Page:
Crowfunding, or participatory financing, is a growing global phenomenon. It has changed the traditional ways of financing projects for companies and individuals. It represents approximately $16 billion in fundraising worldwide, including $152 million in France for 2014. According to the Crowfunding Industry Report, this figure is expected to increase in 2015 to a global total of 34.4 billion.
As indicated in the Crowfunding Industry Report 2015, this means of financing has enabled the development of different types of sectors such as business and entrepreneurship for 41.3%, humanitarian aid for 18.9%, films and the performing arts for 12.13%, real estate for 6.25% and finally music for 4.54%. If ecology is absent from this list, it is because it represents only a small part of the total fundraising activities carried out by the various crowfunding platforms. However, according to the Global Footprint Network (GFN), the world has been living on credit since August 8, 2016. We consume more resources than the Earth can provide. In fact, ecological and environmental problems are growing. Innovations and projects in ecological matters therefore seem essential.
Ecological crowfunding begins in 2013 thanks to the Ecobole.com website, one of the pioneers of participatory financing in this sector.
Beyond a common commitment to preserving the environment, ecology offers long-term investment opportunities. However, they are not attractive because companies and individuals are targeting returns on investment as quickly as possible. By going green, crowfunding focuses on making your money grow through local or international eco-responsible projects, through the use of cleantech. Since 1 October 2014, crowfunding has been undergoing a reform offering residents a return on their loans for a maximum amount of 1000 euros per project. On the same principle, the Lendosphère platform collected nearly 300,000 euros from 462 lenders for 5 photovoltaic and wind energy projects. 30% of these lenders lived in a radius close to the places concerned. This contribution by local residents is explained by an allocated preferential rate that is supposed to stimulate their interest.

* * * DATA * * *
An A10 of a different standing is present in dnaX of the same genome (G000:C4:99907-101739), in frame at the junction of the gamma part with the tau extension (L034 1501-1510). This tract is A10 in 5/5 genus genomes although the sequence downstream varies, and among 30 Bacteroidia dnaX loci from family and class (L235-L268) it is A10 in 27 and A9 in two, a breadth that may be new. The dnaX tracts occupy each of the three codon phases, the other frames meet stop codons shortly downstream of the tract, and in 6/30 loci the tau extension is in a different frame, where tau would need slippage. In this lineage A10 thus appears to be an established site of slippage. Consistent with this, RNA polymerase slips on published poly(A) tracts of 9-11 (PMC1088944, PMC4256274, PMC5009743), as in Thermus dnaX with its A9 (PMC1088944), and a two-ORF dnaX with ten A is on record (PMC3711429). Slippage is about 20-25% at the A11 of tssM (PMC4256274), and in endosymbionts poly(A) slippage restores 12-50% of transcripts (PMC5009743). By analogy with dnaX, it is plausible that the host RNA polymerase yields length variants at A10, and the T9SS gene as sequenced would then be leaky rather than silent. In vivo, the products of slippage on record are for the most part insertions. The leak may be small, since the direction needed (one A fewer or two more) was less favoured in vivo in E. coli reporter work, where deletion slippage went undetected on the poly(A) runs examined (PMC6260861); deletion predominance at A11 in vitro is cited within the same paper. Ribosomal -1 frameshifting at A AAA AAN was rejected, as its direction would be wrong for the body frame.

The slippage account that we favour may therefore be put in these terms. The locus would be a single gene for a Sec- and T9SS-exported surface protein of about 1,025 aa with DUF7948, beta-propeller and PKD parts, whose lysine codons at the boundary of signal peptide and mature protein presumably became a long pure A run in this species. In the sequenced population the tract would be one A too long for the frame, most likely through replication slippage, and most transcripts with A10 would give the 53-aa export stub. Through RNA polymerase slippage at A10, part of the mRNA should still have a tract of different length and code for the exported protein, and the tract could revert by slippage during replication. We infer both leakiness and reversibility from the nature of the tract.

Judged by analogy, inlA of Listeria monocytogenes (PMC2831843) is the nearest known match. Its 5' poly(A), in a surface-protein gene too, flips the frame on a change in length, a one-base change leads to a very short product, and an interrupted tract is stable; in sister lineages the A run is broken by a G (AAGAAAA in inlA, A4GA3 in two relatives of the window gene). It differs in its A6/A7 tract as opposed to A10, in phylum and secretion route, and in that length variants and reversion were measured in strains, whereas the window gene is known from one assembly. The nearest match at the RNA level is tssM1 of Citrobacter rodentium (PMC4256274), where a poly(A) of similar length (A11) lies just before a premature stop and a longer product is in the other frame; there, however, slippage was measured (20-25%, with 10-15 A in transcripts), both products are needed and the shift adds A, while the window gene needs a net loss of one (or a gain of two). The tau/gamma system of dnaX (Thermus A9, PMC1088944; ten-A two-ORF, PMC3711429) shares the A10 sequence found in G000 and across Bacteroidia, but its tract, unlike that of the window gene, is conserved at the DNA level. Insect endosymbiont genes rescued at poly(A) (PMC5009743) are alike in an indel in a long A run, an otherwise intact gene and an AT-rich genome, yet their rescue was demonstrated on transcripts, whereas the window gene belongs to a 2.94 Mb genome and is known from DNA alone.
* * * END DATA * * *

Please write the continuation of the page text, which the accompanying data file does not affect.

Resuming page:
It is therefore in view of the investment capacity that this sector represents that BABYLOAN and TOTAL have joined forces to create the first crowfunding platform dedicated to energy. This association combines BABYLOAN’s expertise in the selection of investment projects with Total’s experience in energy projects. Thus, some African companies find financing for their electricity grid distribution projects on the continent. In addition, GDF-SUEZ has created an ecological crowfunding platform called Crowfunding Green Chanel. It aims to accelerate the ecological transition in France through the development of wind turbines. According to GDF-SUEZ, wind turbines represent 4% of French energy sources, compared to nearly 35% for Denmark.
In short, green participatory financing could be a solution to the long delays in return on investment. It allows individuals or companies to remunerate loans at a more preferential rate than that of the Livret A passbook savings account, currently close to 0%. In addition, the fact that companies such as TOTAL and GDF-SUEZ are creating crowfunding platforms testifies to a growing movement, with real potential for financial added value and participating in the ecological transition of industrialized countries such as France or less industrialized countries such as Africa. So it seems that each of us can be part of tomorrow’s ecological revolution, so why not you?